It is common knowledge that a plaintiff’s choice of forum should rarely be disturbed. Nonetheless, a case may be dismissed on the basis of forum non conveniens when “trial in the plaintiff’s chosen forum imposes a heavy burden on the defendant and where the plaintiff is unable to deliver any specific reasons of convenience supporting its choice.”12 Indeed, the class-action suit in Florida against the Concordia owners was dismissed in September 2012 on forum non conveniens grounds.
All criteria in the analysis pointed to Italy, namely that (1) an adequate alternative forum existed, (2) the public and private factors weighed in favor of dismissal, and (3) plaintiffs could reinstate the suit in Italy without undue inconvenience or prejudice.13 The Florida district court found Italy to be a convenient forum and dismissed the case contingent upon, inter alia, that defendants’ consent to jurisdiction and service of process in Italy; waive any jurisdictional defenses; and agree to reinstatement of the suit in the United States if the Italian court did not accept the suits.14
The court observed the ‘clash’ of the experts as to whether Italy had a contingency fee system, but noted that even if such a system did not exist, it would not tip the balance to the United States and was considered a ‘particularly weak’ argument for opposing a dismissal on forum non conveniens grounds.15
It seems odd for maritime cases stemming from a cruise ship casualty in Italian waters to be initiated in the United States, particularly the class-action of 1,000 residents of Giglio Island. Perhaps, plaintiffs believe the American courts will be more generous, but that may not necessarily be true, especially with the ship’s wreckage looming as a constant reminder to citizens and judges in Italy. Bottom line is that the cases filed here will in all likelihood be shipped off to Italy well before the Costa Concordia is lifted off the rocks.
James E. Mercante is a partner and heads the admiralty practice at Rubin, Fiorella & Friedman; he is a commissioner on the Board of Commissioners of Pilots of the State of New York. Richard Gonzalez, an associate in the marine group of the firm, contributed to the article.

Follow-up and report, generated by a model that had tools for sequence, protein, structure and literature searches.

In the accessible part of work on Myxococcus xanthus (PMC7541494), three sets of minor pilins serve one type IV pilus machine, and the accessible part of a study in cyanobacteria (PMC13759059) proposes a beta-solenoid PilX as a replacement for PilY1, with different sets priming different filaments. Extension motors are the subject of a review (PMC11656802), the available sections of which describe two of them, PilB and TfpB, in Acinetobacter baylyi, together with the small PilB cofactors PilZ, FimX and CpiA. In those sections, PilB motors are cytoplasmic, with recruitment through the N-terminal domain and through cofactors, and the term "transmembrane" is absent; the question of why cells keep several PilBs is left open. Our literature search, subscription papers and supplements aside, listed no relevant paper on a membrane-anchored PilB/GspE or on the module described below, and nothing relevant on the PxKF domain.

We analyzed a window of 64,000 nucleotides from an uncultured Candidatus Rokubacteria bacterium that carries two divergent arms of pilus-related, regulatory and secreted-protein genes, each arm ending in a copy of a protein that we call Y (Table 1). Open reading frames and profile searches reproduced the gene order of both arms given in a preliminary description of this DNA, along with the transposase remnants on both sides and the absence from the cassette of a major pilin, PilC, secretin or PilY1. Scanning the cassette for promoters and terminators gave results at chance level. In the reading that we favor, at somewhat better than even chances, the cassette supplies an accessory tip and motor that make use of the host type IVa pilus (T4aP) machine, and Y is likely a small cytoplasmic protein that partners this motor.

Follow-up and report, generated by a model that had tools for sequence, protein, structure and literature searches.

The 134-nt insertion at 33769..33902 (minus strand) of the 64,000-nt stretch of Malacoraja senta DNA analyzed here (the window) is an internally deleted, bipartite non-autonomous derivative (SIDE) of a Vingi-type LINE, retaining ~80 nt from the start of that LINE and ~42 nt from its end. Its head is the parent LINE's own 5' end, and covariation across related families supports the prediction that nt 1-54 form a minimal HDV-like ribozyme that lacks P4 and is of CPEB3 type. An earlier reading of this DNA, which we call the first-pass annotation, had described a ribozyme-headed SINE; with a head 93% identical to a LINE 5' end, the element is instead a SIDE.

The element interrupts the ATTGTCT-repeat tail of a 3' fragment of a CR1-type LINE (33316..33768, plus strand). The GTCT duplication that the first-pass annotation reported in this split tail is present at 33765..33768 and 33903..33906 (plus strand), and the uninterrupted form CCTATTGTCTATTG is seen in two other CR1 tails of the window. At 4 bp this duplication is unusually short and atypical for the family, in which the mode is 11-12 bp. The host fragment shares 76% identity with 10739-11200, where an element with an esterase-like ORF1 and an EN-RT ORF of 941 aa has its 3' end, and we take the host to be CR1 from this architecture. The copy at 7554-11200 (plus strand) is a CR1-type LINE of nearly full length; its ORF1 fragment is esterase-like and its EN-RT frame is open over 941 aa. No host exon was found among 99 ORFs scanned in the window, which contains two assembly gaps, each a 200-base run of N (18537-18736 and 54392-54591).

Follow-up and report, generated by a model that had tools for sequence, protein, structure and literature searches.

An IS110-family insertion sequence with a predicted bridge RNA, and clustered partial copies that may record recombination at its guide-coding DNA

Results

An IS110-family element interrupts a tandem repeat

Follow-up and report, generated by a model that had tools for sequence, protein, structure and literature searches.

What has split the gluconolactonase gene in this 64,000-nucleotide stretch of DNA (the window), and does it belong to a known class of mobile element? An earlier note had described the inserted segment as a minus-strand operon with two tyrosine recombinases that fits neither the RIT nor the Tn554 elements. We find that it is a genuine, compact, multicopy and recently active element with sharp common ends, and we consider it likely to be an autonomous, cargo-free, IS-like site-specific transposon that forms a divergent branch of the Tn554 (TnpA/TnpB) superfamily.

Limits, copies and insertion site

1. Csepi v. Carnival Corporation and Costa Crociere, S.P.A., 12-cv-3498 (Sept. 19, 2012).
2. Giglio Sub S.N.C. v. Carnival Corporation, Costa Crociere, S.P.A., 2012 WL 4477504 (S.D. Florida 2012).
3. See Fox 5 News report link with release of video footage from inside the ship at http://www.myfoxny.com/video?clipId=8025980&topVideoCatNo=238447&autoStart=true.
4. International Convention for the Safety of Life at Sea, 1974 (SOLAS), Chapter III, Regulation 26 Practice Musters and Drills. T.I.A.S. No. 9700; 32 U.S.T. 47 (U.S. Treaty).
5. Lurie v. Norwegian Cruise Lines, 305 F.Supp.2d 352, 356 (S.D.N.Y. 2004).
6. Lurie v. Norwegian Cruise Lines, 305 F.Supp.2d 352 (S.D.N.Y. 2004) (case transferred to Florida, rather than dismissed); Licensed Practical Nurses, Technicians and Healthcare Workers of New York v. Ulysses Cruises, 131 F.Supp.2d 393 (S.D.N.Y. 2000) (transfer to Florida with proper remedy to enforce forum selection clause); Melnik v. Cunard Line, 875 F.Supp. 103 (N.D.N.Y 1994) (transferred to Southern District of New York pursuant to cruise line’s forum selection clause).
7. Lurie v. Norwegian Cruise Lines, id. at 356; see, e.g., Melnik v. Cunard Line, 875 F.Supp. 103, 106 (N.D.N.Y. 1994).
8. 499 U.S. 585, 111 S. Ct. 1522, 113 L. Ed. 2d 622 (1991).
9. Id. at 593-595.
10. M/S Bremen v. Zapata Off-Shore, 407 U.S. 1, 15; 92 S. Ct. 1907, 1916 (1972).
11. M/C Bremen, 407 U.S. at 17; 92 S. Ct. at 1917.
12. Piper Aircraft v. Reyno, 454 U.S. 235, 249 (1981).
13. Id. at 257.
14. Giglio Sub S.N.C. v. Carnival Corp., 2012 WL 4477504 at * 10 (S.D.Fla. 1012).
15. Id. at * 19.